If abstaining from sex isn’t an option, then using a condom is the best protection there is from sexually transmitted diseases (STDs or STIs – sexually transmitted infections). And if you’re thinking about contraception then condoms, used properly, are up to 98% effective against pregnancy too.
Well the theory is great. But what about the heat of the moment? Could there be any more of a passion killer than raising the subject of using a condom?
Here we’re going to look at ways you can protect yourself from pregnancy and disease AND have a good time.
Sexually transmitted diseases are more rampant now then they ever have been – in all age groups. If the TV, newspapers and magazines are to believed we’re having more sex than we ever have had and passing around a lot of nasty stuff.
Which group do you fit into here:
- Virgin teen
- Virgin any age
- Free and sexually active single teen
- Free and single sexually active 20s, 30s and 40s etc
- In a relationship but looking elsewhere
- In a relationship and worried your partner is looking elsewhere
- Divorced and dating again?
Let’s de-bunk the myths – you can get an STI on your first sexual encounter or if you’re over 50 or 60 or 70. Think of the network of who’s had sex with who and you’ll find that everyone’s sexual history is more complicated than it first appears. That’s why we all need protection.
Asking a partner to wear a condom can be embarrassing, especially if you’re not too sexually confident. The good news is that the more often you ask, the more confident you get with asking, and the better protected you are. And if you learn the tricks of putting a condom on a partner, it’s all part of the fun of sex too.
Here are some ways of getting a partner to wear a condom if you’re not sure about his/her sexual history:
- Remember using a condom doesn’t say ‘I think you’ve got a disease’ it says ‘I want us both to be safe’.
- Carry condoms with you, especially if you’re going out and expect to have sex and/or expect to be drinking alcohol.
- Drink alcohol sensibly. Alcohol lowers your inhibitions and control in any situation. If you’re worried about what your friends will say because you’re not keeping up the pace with them, alternate your alcoholic drinks with a soft drink – cola, lemonade, tonic etc without the shot of alcohol. You don’t need to tell them what you’re doing.
- Who will look after you in a crowd if you don’t look after yourself? So, along the same lines as above, if you need to act drunk then do – but you’ll have a clearer head to think straight about what you’re really doing.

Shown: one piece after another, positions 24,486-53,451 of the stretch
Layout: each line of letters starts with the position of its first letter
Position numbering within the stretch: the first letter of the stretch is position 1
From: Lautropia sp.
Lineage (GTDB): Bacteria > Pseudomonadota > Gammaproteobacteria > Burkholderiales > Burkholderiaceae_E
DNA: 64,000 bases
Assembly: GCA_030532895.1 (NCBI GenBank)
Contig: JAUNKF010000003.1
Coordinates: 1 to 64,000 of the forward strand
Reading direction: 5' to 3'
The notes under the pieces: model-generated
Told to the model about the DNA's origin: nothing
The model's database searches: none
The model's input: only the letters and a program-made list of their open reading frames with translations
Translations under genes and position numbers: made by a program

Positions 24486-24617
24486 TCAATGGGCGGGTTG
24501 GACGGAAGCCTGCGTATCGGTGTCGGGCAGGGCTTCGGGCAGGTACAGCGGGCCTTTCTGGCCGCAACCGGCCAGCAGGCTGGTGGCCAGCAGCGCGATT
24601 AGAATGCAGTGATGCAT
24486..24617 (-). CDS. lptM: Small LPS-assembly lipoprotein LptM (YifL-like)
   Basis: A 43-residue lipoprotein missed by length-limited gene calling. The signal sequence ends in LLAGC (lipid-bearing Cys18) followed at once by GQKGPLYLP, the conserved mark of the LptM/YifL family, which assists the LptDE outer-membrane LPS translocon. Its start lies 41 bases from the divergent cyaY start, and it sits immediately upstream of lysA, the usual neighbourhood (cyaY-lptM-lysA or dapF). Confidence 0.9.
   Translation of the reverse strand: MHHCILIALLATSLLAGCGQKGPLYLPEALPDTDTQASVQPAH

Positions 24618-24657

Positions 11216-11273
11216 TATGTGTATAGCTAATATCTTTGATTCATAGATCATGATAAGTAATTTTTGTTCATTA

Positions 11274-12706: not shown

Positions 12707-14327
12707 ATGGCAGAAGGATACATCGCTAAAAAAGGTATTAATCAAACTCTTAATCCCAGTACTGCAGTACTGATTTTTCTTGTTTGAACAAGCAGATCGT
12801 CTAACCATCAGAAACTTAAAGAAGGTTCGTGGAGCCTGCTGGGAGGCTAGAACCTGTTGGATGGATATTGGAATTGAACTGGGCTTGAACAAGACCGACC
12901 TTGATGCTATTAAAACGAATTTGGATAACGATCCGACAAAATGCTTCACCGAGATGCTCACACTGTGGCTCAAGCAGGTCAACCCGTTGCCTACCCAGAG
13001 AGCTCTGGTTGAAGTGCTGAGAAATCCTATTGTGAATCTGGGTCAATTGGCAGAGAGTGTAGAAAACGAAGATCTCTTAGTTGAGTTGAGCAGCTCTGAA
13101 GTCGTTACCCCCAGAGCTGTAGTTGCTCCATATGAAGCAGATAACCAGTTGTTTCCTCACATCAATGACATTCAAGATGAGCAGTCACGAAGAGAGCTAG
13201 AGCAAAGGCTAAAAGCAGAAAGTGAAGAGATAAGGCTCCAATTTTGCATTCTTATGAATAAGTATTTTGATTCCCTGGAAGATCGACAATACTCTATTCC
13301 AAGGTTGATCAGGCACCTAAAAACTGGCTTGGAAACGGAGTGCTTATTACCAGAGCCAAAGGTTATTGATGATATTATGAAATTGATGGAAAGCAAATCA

- Better still, just stand up for what you believe in and say ‘no’ to too much alcohol.
- If you’re at a party or in a bar, keep an eye on your drink so that no one spikes it with drugs.
- Finish your drink before you go and dance or get another when you come back from the dance floor. Don’t accept drinks from people you don’t know.
- Prepare for when you know you’re in a sexual situation and think of a phrase that will persuade a partner to wear a condom – here are 3 examples:
- ‘If it’s not on, it’s not in’
- ‘I’m a safety girl’ – think Julia Roberts in Pretty Woman
- ‘Be prepared to wrap it – no glove, no love’ (thanks for pjaz78 on YouTube for that).
- Show some class and learn how to put the condom on, and have fun with it. Women (and men without a hard-on) can practise on a banana as many times as it takes to get confident.
- Follow the instructions on the package: tear the condom wrapper carefully – teeth, fingernails and jewelry etc can damage the condom.
- Put the condom on when you/your partner has a full or partial erection and before any contact between you and your partner’s body.
- Squeeze the tip of the condom between your thumb and first finger, or between your lips (not teeth) if you’re going to put it on your partner with your mouth – more advanced technique.
- Put the condom over the penis and roll it down the length of the shaft, to the base of the penis.
- The rolled edge should be on the outside of the penis.
- You’re now ready to go.
- Make sure the condom stays in place all the time and if it rolls up, roll it back in place right away. If it comes off, withdraw the penis and use a new condom.
- When you’ve finished having sex, withdraw the penis while it’s still erect, holding the base of the penis and condom together. Remove the condom when you’re away from your partner’s body.
- Wrap it in a tissue and throw it in the garbage – not in the toilet or on the ground.
Condoms are effective protection when they’re used properly.
They will protect you from diseases that are spread in the semen, vaginal secretions or blood (HIV/AIDS, hepatitis, chlamydia, gonorrhea, trichomonas for example) but not if you or your partner has genital warts, crabs or sores from herpes or syphilis. These sores may be on areas that are not covered by the condom.
One last thought – regret is a terrible thing: prevention is better than regret.